Why don’t you try? : How to let others know you do not want to be a carer anymore
Being a Caregiver Is a Choice
Most individuals who choose not to be primary caregivers simply don’t have the characteristics, time or resources needed to sustain the daily provision of long-term care for a vulnerable adult.
It’s likely that these people truly love their parents and, even if they don’t have a solid relationship, they at least feel moral concern for their well-being. Just because someone decides against personally providing total care to a loved one doesn’t necessarily constitute indifference or abandonment.
Many will visit, arrange other sources of care, handle financial issues, monitor their parents’ well-being and advocate for them. In actuality, they are providing a degree of care, even though they are not responsible for 100 percent of their care recipients’ needs.
Saying No to Caregiving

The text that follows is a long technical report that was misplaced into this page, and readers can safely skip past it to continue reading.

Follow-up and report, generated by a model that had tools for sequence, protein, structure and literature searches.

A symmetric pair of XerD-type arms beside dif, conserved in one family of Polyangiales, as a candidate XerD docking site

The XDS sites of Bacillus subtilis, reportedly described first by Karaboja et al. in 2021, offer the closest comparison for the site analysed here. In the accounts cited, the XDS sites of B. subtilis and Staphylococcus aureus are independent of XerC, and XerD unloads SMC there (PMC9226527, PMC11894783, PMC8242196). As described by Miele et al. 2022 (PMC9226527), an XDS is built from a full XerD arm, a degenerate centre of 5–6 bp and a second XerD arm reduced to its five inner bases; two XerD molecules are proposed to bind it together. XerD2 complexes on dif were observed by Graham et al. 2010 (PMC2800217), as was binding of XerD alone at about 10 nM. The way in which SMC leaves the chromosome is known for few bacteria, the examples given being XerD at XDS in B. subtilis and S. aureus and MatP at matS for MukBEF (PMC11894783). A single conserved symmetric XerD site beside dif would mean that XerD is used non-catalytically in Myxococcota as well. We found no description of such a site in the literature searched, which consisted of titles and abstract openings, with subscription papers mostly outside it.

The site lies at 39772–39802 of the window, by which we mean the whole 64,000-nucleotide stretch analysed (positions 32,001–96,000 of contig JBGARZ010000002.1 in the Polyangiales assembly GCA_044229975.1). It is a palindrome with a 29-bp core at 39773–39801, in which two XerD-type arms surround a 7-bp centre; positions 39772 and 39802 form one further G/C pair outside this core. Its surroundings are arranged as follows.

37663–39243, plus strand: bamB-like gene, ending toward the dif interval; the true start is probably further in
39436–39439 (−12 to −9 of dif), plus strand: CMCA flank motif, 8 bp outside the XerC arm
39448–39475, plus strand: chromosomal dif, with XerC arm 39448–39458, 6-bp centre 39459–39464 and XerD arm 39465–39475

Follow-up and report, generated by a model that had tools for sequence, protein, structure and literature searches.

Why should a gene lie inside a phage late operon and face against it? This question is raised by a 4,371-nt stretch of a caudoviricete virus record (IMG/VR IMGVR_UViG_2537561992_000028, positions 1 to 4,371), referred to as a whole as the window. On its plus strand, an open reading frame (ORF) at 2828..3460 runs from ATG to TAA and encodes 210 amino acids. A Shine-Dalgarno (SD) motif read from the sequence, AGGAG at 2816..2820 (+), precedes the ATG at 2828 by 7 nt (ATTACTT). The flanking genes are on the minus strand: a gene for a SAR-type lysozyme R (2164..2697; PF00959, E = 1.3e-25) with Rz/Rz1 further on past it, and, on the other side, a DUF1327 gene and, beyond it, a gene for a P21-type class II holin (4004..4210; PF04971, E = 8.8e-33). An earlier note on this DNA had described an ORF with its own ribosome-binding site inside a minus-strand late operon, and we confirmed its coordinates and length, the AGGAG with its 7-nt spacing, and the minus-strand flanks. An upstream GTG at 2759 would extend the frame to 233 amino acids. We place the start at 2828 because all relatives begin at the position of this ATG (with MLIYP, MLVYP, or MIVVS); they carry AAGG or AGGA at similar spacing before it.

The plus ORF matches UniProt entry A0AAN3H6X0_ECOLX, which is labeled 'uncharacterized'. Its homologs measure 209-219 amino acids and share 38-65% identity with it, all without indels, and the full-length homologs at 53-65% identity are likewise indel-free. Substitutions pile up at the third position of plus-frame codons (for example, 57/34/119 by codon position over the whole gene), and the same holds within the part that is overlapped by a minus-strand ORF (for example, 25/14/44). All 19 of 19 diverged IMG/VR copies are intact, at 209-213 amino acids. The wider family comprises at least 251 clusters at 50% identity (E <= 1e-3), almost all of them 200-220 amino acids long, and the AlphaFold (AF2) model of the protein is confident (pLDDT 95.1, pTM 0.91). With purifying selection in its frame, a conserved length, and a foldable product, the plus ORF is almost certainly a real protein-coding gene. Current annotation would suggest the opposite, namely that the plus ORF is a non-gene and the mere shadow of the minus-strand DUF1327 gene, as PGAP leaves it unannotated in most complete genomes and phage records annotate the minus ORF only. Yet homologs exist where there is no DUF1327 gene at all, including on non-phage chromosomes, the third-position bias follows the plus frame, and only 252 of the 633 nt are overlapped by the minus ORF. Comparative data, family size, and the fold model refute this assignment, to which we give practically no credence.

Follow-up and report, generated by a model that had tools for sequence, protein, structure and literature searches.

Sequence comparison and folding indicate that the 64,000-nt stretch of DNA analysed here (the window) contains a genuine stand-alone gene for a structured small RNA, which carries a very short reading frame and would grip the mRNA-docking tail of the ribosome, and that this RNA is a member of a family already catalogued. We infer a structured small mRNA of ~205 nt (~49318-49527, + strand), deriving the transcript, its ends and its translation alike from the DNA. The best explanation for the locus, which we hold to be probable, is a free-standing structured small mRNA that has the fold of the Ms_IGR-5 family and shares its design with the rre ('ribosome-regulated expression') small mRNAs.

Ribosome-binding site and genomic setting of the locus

If you are facing this difficult decision, do what you can.
Gain a full understanding of what it really means to just do your best.
Show your parents that you love them by obtaining the best care you can for them. That could entail supporting a sibling who steps up to be the primary caregiver, financially or otherwise, or it may mean hiring outside help. Then drop the guilt for not perfectly fitting society’s expectations.
o one can do everything all the time.
Make the best use of your strengths and help others use theirs. Your actions will reflect well on the people who raised you.
Here’s a tip for you to try this week :
Book an appointment with a member of the Bridgit Carer Coach team, Write down and reflect on what is making you feel this way., Organise a carers assessment with your local authority about seeking more support and your struggles, Speak to the person you care for about taking time for yourself,
You can visit the Bridgit Shop at anytime to find our what products and services can support you.